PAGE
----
I did a trial run at a cool mountain location about 6,000 feet in elevation. The outside temperature was about 50 degrees F, and it was about the same inside our trailer. At first, it took a few tries to get the heater lit.

Be sure to push down on the knob, turn and listen for the hissing of the butane before clicking on the lighter. Unlike the Little Buddy which takes some time to heat up, the Cupid lit up and got hot right away and started to warm up the trailer.

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The slit in the canister collar fits on a locking mechanism which can be viewed from the outside. Photo by Christina Nellemann

Within 10 minutes, the trailer was about 15 degrees warmer than the outside temperature. The heater does make a little hissing and bubbling noise, but it’s actually a pleasant sound and lets you know that the heater is on and working.

Unlike the Little Buddy, after about 15 minutes there was no odor, and still no condensation on our trailer windows and the interior was nice and warm.

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Photo by Christina Nellemann

Even with its metal exterior and low legs, the Cupid didn’t heat up on the outside and didn’t make our floor or the surface it was sitting on hot. Even though the carrying handle can’t be placed upright, it also stayed cool when the heater was in use. The heater can be carefully moved around when in use.

The Cupid is the best-selling and least expensive heater on the Nomadica website, but they have other portable heaters that use different fuel types. The Giga Sun uses propane and emits heat in a 360-degree radius. The tiny Fireball weighs only 1.2 pounds and comes in a small carrying case. It uses isobutane canisters and would be great for backpackers.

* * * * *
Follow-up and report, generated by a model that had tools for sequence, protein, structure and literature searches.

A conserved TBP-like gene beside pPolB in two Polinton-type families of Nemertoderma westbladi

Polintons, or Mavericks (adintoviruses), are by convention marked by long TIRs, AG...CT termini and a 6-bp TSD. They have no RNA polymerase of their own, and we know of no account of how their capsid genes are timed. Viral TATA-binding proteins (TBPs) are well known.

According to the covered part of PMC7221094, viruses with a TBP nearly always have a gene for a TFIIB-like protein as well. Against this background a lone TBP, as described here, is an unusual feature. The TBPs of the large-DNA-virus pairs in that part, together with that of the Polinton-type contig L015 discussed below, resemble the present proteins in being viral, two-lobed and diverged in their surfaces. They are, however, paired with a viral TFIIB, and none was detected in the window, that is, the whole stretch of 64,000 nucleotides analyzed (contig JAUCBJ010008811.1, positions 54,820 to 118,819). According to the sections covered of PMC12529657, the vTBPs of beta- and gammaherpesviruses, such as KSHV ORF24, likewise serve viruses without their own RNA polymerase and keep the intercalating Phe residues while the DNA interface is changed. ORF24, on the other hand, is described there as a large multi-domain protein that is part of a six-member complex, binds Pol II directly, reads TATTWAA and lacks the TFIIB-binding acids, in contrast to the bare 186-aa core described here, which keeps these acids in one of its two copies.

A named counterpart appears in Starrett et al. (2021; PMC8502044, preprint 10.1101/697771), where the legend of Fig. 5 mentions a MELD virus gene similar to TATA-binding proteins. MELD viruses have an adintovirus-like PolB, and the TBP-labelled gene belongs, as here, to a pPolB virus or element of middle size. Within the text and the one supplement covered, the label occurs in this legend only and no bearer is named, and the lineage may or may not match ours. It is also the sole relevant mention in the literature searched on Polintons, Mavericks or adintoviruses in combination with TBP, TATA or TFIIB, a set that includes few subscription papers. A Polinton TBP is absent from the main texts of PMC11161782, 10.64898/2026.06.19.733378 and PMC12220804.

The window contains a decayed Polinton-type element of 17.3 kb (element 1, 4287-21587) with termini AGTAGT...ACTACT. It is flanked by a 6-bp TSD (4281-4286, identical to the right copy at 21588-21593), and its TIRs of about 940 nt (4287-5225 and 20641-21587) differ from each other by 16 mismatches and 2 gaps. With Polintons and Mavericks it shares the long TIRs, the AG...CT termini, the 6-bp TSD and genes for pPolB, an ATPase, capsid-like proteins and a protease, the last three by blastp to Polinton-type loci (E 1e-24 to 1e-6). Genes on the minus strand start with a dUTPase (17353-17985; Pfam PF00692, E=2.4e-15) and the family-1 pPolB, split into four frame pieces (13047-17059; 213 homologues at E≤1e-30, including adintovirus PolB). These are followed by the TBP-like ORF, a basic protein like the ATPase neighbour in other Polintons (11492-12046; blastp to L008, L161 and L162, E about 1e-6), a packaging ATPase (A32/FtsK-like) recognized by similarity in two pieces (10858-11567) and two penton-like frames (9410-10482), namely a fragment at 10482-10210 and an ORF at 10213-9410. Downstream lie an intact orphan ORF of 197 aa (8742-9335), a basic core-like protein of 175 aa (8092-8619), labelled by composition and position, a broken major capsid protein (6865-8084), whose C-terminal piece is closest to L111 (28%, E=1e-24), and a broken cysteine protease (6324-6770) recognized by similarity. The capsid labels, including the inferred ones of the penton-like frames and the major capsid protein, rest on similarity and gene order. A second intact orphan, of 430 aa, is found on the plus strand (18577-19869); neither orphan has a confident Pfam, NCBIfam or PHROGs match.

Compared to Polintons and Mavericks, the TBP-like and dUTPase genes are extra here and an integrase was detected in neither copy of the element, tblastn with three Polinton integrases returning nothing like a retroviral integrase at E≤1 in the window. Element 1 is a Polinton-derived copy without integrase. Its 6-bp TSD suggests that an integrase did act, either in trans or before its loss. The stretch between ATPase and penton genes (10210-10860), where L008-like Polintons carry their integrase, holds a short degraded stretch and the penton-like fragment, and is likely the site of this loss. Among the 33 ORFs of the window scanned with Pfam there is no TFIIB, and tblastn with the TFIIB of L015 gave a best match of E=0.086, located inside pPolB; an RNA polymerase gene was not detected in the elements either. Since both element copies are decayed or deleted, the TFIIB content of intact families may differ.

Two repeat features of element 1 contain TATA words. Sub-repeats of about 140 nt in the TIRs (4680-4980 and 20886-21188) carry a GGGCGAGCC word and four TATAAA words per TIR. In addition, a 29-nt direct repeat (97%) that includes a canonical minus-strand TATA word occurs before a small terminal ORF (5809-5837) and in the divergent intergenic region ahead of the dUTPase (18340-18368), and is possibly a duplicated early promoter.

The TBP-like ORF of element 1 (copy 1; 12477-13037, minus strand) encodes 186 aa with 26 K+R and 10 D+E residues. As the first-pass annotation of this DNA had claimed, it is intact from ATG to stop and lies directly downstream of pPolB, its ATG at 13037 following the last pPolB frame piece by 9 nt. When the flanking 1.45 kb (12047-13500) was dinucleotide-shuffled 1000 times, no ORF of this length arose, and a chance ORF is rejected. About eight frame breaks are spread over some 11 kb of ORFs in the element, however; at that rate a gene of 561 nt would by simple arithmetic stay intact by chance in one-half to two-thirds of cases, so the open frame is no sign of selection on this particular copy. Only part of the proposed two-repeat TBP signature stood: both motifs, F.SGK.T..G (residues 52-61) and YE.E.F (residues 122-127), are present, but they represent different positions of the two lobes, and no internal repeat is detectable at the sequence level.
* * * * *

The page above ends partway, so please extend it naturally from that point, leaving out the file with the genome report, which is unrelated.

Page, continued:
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The Cupid has a simple, adjustable on/off switch. Photo by Nomadica

Nomadica camping gear

Located in Portland, Oregon, Nomadica sells lightweight, easy-to-use camping gear and other items that can be used with various RVs or while tent camping. Most of the items are intended for remote off-road or overlanding adventures, but they can be used for any type of low-impact camping.

Some of the items from Nomadica include cookware and camping tables, stoves and grills, tent pegs, eco stoves and barbecues, and even adaptors for LPG cans. The Kovea Aluminum LPG Adapter is an attachment that allows you to use a crew top backpacking stove on any 16.4-ounce Coleman propane canister.

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Nomadica sells lightweight cooking and lighting products for off-grid camping. Photo by Nomadica

Many of the Nomadica items are from Kovea. This Korean company has been providing camping and outdoor equipment since 1982. Their products include butane-fueled stoves and heaters, headlamps, and even trekking poles and crampons.

Read more about The Dangers Of Using Propane Heaters (And What Precautions You Should Take)